How the Zamboni Revolutionized Fun on the Ice | Innovation| Smithsonian Magazine

How the Zamboni Revolutionized Fun on the Ice | Innovation| Smithsonian Magazine

It’s a lumbering presence before it comes to life—but once it does, it’s the most beloved piece of maintenance equipment on earth.

The Zamboni was the brainchild of Frank Joseph Zamboni, born in 1901 to Italian immigrant parents in Utah and raised in Idaho. At 15, Frank was pulled from school to help on the farm, kick-starting his career as a machinist: Frank kept the tractors and balers in tune and worked as a mechanic at a local garage.

“Growing up around farm equipment,” says Richard Zamboni, 91, Frank’s son and the president of Zamboni Company USA, “[Dad] had to figure out how to keep things running.”

The Zamboni family left farming in 1920 and relocated to Hynes, California, south of Los Angeles. George, the oldest sibling, opened an auto repair shop and employed his brothers as mechanics. They pooled their savings in 1921 to send Frank to a one-year electrical engineering program in Chicago. Upon Frank’s return, he and his brother Lawrence started an electrical component and servicing business. Drawing from their farming background, they also found success drilling wells and installing water pumps for local dairies.

That’s when the Zamboni family got into ice. In the 1920s, agricultural products shipped by rail and relied on massive ice blocks for refrigeration. Producing those 300-pound slabs was an industrial enterprise, and in 1927, Frank and Lawrence built an ice-making plant to service the local agricultural industry.

By the mid-1930s, however, electric refrigerators were entering American homes, and commercial refrigeration entered rail cars. Frank and Lawrence sold their ice-making plant in 1939 but stripped the refrigeration equipment from it so they could open a skating rink across the street.

Iceland Skating Rink opened on January 3, 1940, at the height of World War II. It was an instant hit. “People were looking for a happy distraction, and ice skating was very popular at the time,” Richard says.

The skating business was profitable but tricky. Rink ice was only three-quarters of an inch thick and easily damaged. At Iceland, resurfacing was labor-intensive, involving manual tools like planers, hoses and squeegees. Richard Zamboni remembers the effort from his boyhood; he says that each resurfacing took five people around an hour and a half to complete—“and when they finished, you had five employees standing around with nothing to do until the next resurfacing.”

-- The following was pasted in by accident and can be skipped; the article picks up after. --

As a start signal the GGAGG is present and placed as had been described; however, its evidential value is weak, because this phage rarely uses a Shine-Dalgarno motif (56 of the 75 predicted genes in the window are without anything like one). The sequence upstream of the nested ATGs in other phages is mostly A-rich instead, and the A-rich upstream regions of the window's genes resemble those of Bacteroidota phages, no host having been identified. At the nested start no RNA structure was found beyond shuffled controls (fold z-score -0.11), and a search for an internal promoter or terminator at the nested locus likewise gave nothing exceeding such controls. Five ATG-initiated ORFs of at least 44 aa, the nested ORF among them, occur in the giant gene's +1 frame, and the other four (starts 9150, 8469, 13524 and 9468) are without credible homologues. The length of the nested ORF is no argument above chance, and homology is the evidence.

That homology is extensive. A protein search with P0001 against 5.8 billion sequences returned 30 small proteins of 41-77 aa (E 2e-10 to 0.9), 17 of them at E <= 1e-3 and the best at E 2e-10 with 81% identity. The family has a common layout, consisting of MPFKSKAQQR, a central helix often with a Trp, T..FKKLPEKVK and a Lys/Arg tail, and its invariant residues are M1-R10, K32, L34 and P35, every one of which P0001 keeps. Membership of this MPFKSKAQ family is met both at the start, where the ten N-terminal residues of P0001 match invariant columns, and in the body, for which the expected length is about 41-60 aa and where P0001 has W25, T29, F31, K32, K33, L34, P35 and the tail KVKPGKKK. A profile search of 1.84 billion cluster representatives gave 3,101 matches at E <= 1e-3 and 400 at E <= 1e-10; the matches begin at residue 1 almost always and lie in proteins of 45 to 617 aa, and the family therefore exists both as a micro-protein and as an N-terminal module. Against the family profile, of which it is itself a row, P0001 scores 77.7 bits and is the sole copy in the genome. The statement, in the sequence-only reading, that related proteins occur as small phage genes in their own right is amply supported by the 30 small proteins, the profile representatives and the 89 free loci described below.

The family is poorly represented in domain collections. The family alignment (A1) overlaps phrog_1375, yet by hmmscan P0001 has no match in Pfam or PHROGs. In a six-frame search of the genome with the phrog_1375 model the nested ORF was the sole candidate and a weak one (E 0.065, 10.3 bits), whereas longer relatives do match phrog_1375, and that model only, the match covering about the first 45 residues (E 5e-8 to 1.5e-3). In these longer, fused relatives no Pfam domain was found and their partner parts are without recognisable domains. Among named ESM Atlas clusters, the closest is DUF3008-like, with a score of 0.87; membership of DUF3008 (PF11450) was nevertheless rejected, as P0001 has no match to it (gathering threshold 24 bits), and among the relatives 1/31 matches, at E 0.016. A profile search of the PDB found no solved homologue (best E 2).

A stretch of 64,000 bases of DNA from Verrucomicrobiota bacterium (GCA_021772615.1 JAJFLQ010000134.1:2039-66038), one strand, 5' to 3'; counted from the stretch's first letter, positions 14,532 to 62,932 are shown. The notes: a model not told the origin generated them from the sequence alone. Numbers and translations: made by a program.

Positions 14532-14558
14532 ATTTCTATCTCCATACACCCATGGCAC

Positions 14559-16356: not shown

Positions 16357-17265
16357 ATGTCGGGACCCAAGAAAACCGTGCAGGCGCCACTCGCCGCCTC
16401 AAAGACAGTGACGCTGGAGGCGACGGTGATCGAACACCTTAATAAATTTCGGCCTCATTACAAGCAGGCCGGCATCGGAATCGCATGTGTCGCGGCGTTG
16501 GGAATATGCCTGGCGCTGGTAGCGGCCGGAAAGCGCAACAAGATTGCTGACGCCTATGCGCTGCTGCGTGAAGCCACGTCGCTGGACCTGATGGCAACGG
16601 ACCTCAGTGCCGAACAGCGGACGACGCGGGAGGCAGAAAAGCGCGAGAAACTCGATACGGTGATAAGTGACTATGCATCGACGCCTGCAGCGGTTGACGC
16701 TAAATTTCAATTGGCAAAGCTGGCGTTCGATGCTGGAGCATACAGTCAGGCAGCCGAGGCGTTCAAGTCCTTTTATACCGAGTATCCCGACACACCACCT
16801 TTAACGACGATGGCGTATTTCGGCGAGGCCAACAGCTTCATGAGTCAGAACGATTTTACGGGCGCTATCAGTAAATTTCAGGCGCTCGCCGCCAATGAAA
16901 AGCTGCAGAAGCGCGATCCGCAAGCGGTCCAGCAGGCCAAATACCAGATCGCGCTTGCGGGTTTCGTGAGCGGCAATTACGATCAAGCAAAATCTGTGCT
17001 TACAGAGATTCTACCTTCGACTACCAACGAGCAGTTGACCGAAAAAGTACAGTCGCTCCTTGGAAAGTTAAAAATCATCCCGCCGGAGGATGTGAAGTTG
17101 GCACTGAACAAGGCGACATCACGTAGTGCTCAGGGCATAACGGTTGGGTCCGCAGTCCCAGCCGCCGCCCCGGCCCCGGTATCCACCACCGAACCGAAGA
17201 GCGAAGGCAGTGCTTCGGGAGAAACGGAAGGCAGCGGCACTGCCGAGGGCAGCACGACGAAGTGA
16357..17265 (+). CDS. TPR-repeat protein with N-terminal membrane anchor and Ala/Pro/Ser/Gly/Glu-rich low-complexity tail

Realizing that time was money, Frank Zamboni began designing a self-propelled resurfacing machine. In 1942, he bought a farm tractor and experimented with modifications, testing them at the rink whenever he had the chance. In 1949, after multiple prototypes, Frank took to the ice with his Zamboni Model A and resurfaced his 20,000-square-foot rink in ten minutes. In the world of ice sports, it was a maiden voyage on par with that of the Wright Brothers at Kitty Hawk.

The basic principles of a Zamboni have remained unchanged. A conditioner, mounted behind the rear wheels, contains a blade that shaves the ice, an auger that collects those shavings, a vacuum that sucks up dirty water, and sprayers that lay down a fresh coat of water, filling the cracks. Behind all that is a squeegee. In a single pass, the machine can complete what was once a five-person process.

In 1954, the Boston Bruins became the first NHL team to purchase a Zamboni, and by 1957, the NCAA had determined that all new rinks would accommodate the machine. In 1960, Zambonis made their first appearance at the Winter Olympics. Of the six machines to debut there, two were custom-built electric models. The company’s first production electric model came in 1978.

“The electric machines are, without a doubt, the future of the industry,” says Mike Zamboni, Frank’s great-grandson and a manager at the company. Zamboni now produces more electric machines than internal combustion.

The Iceland Skating Rink remained in family hands until 2022. It’s now known as L.A. Kings Iceland, a practice facility for the NHL franchise—though public skates, lessons and birthday parties are still on offer. Frank’s original Model A, fully restored, is kept on permanent display.

To date, more than 13,000 Zamboni machines have been sold around the world. Prices range from $100,000 to $200,000, depending on bells and whistles. All are hand-built to order in one of the company’s three manufacturing facilities: in Paramount, California (the original); Brantford, Ontario (the birthplace of Wayne Gretzky and the densest arena market in the world); and Osterfarnebo, Sweden.

Though Frank Zamboni went on to invent other things—a milk tank and pasteurizer, an artificial turf roller, a track cleaner for NASCAR—it’s his ice refinisher that ensures his immortality. He is enshrined in five sporting halls of fame, including U.S. Hockey, World Figure Skating and U.S. Speedskating. Not bad for someone who didn’t even like to skate.

Why does the Zamboni retain such a fascination for kids of all ages? Because it’s an elephant ballerina. It’s a tank that shoots rainbows. It’s that goofy uncle at a wedding who’s a terrific dancer. The Zamboni looks like it should be towing a payload of rubble. It seems made for smashing.

Instead, it glides on tiptoes. It arrives not to batter and crush but to make flawless that which is battered and crushed. It enters from the wings. In its path: ruin. Tailing behind it: perfection. It has the looks, shambling grace and timing of a great comedic actor. Leave them wanting more, the machine seems to know. Scene stolen, the Zamboni exits the way it came, leaving the feature act to lament, “I’ve got to follow that!?”

This article is a selection from the November 2023 issue of Smithsonian magazine

Get the latest stories in your inbox every weekday.